How has the current situation affected the mental health of the athletes?
“This isn’t something I can speak about directly, but I can imagine the stress and uncertainty has affected their motivation and other aspects of their lives as well.”
What do you think the fate of the athletes still under review will be?
“I sincerely hope that the athletes that are under review will be eligible to compete in the Paralympics. We have already seen one athlete deemed ineligible and whilst I am trying to stay positive that no more will follow, only time will truly tell.”
What’s your opinion on the IWBF’s and IPC’s handling of the situation?
“This situation definitely could have been handled differently. The timing is terrible. Athletes and teams have worked for four years and some much longer, towards being the best they can be. To have it all thrown up in the air so close to the Games is absurd. At the moment we are just over a year out, but we were supposed to only be a month and a half from the start of the Games. How is that remotely sporting? If the process needs to take place fine but do it after the Games.”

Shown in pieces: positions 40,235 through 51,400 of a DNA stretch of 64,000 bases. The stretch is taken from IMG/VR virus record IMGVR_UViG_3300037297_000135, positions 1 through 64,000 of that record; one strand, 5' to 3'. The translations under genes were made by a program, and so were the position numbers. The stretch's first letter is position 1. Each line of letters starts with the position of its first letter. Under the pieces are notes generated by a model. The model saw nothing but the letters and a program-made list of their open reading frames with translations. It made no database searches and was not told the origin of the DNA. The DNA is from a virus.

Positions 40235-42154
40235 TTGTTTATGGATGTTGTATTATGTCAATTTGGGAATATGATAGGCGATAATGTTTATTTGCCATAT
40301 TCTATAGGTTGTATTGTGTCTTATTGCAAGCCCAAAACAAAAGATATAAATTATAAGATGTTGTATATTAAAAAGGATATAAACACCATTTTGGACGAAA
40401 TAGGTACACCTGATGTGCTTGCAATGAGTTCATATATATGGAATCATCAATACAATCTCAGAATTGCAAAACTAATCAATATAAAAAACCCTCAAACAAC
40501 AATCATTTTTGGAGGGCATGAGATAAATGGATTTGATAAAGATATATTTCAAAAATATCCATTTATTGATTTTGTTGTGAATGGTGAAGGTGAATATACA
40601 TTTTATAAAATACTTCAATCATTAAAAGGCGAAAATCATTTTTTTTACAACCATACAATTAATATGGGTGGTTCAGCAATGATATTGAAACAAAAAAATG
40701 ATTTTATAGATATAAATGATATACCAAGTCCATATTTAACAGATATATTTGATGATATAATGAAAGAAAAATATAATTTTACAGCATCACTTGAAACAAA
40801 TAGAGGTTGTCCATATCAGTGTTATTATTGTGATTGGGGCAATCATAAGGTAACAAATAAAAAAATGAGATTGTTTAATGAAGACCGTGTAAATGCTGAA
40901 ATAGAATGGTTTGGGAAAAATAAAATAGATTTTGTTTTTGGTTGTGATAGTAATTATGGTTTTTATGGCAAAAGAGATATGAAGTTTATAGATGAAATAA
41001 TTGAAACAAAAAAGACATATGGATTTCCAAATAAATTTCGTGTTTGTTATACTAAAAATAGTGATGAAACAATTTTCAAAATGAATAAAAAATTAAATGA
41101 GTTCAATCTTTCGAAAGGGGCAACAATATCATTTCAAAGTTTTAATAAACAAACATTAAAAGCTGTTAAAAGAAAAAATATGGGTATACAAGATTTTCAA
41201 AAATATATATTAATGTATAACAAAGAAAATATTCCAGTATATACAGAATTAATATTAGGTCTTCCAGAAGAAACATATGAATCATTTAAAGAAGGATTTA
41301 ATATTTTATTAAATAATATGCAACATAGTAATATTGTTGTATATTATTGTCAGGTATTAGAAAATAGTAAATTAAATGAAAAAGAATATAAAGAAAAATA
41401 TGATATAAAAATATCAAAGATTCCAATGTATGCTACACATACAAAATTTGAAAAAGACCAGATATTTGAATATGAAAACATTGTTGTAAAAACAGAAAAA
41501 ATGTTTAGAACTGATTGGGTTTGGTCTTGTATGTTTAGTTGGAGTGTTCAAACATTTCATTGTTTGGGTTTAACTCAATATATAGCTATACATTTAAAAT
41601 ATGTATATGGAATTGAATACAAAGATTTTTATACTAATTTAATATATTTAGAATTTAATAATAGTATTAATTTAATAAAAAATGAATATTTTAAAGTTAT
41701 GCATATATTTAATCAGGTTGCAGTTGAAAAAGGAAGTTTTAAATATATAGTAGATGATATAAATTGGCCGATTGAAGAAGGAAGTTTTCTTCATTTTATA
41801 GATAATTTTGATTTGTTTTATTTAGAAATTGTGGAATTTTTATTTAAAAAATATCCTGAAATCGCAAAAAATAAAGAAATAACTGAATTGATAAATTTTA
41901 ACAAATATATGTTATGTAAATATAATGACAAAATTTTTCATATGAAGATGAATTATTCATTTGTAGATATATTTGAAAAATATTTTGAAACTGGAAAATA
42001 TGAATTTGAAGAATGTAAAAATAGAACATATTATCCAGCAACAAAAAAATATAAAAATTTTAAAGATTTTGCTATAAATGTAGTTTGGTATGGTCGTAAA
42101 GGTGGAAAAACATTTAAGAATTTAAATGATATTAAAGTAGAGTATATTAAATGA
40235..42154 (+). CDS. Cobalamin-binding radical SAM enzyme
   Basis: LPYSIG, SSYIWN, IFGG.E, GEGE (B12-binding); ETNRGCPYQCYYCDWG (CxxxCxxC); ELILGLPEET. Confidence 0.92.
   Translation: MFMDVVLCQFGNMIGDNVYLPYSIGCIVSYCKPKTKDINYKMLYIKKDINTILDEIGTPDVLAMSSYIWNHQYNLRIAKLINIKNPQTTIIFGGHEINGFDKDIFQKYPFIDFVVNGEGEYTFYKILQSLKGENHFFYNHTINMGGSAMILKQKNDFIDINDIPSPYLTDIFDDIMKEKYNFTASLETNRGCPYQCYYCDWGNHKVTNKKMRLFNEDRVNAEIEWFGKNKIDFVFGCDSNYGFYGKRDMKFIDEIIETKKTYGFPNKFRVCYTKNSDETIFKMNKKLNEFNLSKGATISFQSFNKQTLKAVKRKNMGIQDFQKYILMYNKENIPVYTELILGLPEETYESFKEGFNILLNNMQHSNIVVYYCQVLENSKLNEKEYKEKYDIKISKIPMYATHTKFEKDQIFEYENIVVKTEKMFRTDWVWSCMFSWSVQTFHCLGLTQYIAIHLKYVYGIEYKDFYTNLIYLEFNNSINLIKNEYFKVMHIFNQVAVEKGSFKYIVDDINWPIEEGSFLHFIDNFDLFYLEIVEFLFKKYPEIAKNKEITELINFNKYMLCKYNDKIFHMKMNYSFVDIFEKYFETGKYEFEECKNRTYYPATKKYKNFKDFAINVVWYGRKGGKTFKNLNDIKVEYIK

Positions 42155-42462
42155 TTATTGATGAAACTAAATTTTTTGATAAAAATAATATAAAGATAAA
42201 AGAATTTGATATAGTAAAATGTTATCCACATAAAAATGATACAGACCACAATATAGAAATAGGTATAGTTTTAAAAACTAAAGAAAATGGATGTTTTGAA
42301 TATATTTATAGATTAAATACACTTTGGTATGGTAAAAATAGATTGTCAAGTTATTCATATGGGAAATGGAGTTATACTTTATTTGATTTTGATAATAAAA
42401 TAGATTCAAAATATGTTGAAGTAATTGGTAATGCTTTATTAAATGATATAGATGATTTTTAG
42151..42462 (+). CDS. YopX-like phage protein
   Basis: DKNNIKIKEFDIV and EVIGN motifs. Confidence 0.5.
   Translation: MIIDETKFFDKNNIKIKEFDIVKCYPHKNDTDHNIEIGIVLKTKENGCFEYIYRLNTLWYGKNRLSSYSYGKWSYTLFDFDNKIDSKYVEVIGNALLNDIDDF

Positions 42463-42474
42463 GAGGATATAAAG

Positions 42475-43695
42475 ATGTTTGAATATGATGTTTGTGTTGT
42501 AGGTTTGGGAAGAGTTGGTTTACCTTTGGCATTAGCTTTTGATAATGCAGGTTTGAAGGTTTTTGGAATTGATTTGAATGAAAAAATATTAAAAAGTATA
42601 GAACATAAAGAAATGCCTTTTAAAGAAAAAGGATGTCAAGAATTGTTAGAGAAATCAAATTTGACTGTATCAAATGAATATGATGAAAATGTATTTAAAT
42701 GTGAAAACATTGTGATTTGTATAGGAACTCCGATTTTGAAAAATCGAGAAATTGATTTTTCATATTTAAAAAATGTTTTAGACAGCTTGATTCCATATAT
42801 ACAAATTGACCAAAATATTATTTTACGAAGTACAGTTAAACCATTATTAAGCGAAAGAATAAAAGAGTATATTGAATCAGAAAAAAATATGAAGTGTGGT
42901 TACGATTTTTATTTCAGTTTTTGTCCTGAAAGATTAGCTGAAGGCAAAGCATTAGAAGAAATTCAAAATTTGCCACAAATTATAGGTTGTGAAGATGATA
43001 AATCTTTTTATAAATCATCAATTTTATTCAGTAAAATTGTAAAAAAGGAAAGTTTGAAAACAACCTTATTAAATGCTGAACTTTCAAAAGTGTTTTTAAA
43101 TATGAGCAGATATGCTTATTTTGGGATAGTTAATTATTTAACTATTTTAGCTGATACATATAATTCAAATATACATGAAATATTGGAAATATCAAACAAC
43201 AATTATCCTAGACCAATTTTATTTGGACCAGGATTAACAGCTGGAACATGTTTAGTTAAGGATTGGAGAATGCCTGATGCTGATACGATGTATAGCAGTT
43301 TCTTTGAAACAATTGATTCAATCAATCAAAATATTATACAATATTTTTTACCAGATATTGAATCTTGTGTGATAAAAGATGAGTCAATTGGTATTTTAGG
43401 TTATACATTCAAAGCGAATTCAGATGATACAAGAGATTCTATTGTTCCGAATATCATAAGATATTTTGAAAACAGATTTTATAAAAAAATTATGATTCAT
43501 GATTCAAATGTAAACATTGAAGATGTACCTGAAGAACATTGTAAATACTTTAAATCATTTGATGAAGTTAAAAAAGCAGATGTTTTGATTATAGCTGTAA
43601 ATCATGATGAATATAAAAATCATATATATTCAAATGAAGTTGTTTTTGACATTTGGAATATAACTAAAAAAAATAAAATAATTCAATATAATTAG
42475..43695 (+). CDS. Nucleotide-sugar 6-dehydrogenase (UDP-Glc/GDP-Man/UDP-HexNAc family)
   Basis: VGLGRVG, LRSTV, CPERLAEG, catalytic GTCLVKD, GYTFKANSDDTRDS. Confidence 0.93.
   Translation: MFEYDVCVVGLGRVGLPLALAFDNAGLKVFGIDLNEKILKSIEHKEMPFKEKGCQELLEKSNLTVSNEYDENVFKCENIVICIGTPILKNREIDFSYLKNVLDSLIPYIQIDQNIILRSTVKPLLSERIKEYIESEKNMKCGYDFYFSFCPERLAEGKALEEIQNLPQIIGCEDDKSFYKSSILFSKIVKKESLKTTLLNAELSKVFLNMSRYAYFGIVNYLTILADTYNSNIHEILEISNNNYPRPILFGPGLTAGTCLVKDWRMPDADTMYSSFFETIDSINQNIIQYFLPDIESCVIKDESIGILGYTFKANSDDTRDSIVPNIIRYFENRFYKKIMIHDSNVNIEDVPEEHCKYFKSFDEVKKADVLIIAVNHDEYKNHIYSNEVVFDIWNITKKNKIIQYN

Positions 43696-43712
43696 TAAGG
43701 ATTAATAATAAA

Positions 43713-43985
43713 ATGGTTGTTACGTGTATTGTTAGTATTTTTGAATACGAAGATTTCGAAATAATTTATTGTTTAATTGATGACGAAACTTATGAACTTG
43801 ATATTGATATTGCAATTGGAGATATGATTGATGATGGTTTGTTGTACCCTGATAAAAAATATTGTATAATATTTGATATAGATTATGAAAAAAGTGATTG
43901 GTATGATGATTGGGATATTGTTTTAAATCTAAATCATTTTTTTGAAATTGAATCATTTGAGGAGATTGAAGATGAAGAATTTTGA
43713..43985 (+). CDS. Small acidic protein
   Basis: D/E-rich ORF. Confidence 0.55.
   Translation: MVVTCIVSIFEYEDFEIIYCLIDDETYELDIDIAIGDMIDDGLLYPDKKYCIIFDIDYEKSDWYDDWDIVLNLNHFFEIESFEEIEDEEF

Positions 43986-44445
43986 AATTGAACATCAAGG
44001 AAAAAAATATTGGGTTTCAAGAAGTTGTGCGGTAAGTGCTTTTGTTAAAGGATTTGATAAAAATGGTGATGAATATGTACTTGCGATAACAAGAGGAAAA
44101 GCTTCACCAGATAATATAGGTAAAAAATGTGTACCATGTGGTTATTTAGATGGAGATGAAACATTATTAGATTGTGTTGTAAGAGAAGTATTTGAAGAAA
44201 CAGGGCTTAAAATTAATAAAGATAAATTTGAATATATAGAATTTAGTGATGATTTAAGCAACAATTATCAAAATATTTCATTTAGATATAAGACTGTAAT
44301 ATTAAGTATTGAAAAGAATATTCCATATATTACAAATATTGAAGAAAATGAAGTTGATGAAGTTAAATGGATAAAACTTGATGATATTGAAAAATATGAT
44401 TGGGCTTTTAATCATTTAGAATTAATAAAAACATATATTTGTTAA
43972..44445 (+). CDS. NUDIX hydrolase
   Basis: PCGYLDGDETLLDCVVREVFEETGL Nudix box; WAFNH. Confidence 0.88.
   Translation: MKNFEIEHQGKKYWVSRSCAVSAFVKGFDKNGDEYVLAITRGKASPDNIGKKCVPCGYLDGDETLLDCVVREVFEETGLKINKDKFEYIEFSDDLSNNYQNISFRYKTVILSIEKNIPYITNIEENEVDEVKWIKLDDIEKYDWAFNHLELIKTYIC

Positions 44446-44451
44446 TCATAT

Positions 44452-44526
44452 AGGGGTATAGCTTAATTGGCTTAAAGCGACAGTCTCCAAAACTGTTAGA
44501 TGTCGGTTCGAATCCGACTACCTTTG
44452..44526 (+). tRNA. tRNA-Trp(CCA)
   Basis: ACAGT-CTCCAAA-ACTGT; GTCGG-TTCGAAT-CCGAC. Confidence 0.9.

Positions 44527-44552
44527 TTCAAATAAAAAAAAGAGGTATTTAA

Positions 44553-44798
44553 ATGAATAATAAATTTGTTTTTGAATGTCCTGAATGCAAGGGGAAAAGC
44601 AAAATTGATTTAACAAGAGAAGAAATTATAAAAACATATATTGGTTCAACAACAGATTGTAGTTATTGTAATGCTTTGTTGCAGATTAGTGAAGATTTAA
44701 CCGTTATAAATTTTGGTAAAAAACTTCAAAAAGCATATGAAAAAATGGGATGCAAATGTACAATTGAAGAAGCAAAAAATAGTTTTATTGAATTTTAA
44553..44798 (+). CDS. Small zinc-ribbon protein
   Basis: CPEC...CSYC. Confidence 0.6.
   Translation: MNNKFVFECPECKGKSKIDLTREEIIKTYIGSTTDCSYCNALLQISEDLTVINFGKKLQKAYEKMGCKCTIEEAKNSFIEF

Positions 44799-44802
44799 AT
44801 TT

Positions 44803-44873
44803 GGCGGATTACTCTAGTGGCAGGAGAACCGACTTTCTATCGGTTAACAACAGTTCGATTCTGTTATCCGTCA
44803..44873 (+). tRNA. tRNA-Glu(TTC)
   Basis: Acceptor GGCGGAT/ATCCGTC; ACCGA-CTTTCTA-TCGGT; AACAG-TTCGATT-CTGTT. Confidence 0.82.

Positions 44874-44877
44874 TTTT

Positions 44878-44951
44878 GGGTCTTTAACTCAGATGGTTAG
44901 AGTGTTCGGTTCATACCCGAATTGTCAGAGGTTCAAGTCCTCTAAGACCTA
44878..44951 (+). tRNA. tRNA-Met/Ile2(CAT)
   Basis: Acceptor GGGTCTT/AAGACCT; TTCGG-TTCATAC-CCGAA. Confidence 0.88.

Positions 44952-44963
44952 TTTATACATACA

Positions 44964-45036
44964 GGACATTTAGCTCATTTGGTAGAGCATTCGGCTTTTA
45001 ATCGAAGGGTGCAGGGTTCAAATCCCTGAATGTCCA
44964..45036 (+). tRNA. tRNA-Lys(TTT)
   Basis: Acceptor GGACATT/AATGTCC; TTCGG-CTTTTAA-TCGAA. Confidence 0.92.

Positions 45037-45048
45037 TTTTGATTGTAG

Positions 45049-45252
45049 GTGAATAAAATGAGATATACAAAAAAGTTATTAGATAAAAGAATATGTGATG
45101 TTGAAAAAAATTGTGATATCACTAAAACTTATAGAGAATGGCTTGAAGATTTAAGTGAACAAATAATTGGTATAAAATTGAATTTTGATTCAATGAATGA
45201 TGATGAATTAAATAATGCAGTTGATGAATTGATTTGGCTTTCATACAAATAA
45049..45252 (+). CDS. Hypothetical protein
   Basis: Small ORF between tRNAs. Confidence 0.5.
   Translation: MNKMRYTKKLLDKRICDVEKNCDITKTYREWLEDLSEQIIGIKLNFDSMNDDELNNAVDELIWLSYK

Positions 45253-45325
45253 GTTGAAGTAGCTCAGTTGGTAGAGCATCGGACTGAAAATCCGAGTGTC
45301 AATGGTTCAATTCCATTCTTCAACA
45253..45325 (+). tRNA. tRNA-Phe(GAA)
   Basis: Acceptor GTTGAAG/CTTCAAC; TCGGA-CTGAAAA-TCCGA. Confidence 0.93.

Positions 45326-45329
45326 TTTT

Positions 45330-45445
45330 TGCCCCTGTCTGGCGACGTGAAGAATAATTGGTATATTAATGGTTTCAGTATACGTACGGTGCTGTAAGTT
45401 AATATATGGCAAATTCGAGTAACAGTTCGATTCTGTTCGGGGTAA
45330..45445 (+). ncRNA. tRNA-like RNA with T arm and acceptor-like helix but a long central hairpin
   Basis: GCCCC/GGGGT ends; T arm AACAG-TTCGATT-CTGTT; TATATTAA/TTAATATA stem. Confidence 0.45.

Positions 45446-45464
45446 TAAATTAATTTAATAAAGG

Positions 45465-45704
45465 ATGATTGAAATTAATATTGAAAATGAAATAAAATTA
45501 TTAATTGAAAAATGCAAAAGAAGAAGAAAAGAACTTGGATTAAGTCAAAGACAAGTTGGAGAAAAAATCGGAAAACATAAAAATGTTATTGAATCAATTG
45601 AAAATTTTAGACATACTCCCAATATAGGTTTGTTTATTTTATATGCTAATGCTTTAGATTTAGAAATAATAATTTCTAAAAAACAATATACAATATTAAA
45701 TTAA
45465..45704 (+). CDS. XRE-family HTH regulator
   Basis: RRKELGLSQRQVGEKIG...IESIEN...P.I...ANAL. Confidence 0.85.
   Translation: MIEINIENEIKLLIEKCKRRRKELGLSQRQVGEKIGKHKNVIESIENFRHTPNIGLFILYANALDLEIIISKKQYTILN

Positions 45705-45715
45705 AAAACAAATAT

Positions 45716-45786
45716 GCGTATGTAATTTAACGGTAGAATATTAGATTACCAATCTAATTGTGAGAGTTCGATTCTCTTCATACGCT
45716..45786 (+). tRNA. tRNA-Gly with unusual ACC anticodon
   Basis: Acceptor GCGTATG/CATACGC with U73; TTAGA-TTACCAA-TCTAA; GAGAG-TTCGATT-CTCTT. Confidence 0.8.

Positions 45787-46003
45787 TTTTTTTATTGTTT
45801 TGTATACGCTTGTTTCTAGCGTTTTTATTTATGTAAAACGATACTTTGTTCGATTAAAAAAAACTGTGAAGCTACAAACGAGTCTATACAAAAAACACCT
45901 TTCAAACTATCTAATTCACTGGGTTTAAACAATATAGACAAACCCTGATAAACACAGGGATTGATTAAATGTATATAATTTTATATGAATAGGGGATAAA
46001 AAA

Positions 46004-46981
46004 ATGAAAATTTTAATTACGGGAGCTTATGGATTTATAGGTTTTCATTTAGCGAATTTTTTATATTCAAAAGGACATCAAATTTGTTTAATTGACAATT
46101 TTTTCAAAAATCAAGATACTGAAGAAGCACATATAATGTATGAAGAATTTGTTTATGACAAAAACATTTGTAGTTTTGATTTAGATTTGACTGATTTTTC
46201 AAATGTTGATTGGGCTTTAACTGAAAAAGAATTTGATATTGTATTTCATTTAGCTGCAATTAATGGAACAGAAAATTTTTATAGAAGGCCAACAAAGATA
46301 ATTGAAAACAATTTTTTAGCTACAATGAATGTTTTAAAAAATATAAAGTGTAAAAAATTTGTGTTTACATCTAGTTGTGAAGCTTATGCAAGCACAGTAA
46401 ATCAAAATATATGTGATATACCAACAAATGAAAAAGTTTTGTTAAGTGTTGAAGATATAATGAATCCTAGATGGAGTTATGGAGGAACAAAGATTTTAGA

What’s your opinion on David Eng being deemed as ineligible by the IPC?
“The decision to deem David ineligible is tremendously sad. David has trained for years and been a phenomenal ambassador for sport, not just wheelchair basketball. To not give David the opportunity to leave the game he has given so much to on his own terms is decidedly unfair. For David to have his career yanked out from under him right before the Games is ridiculous.”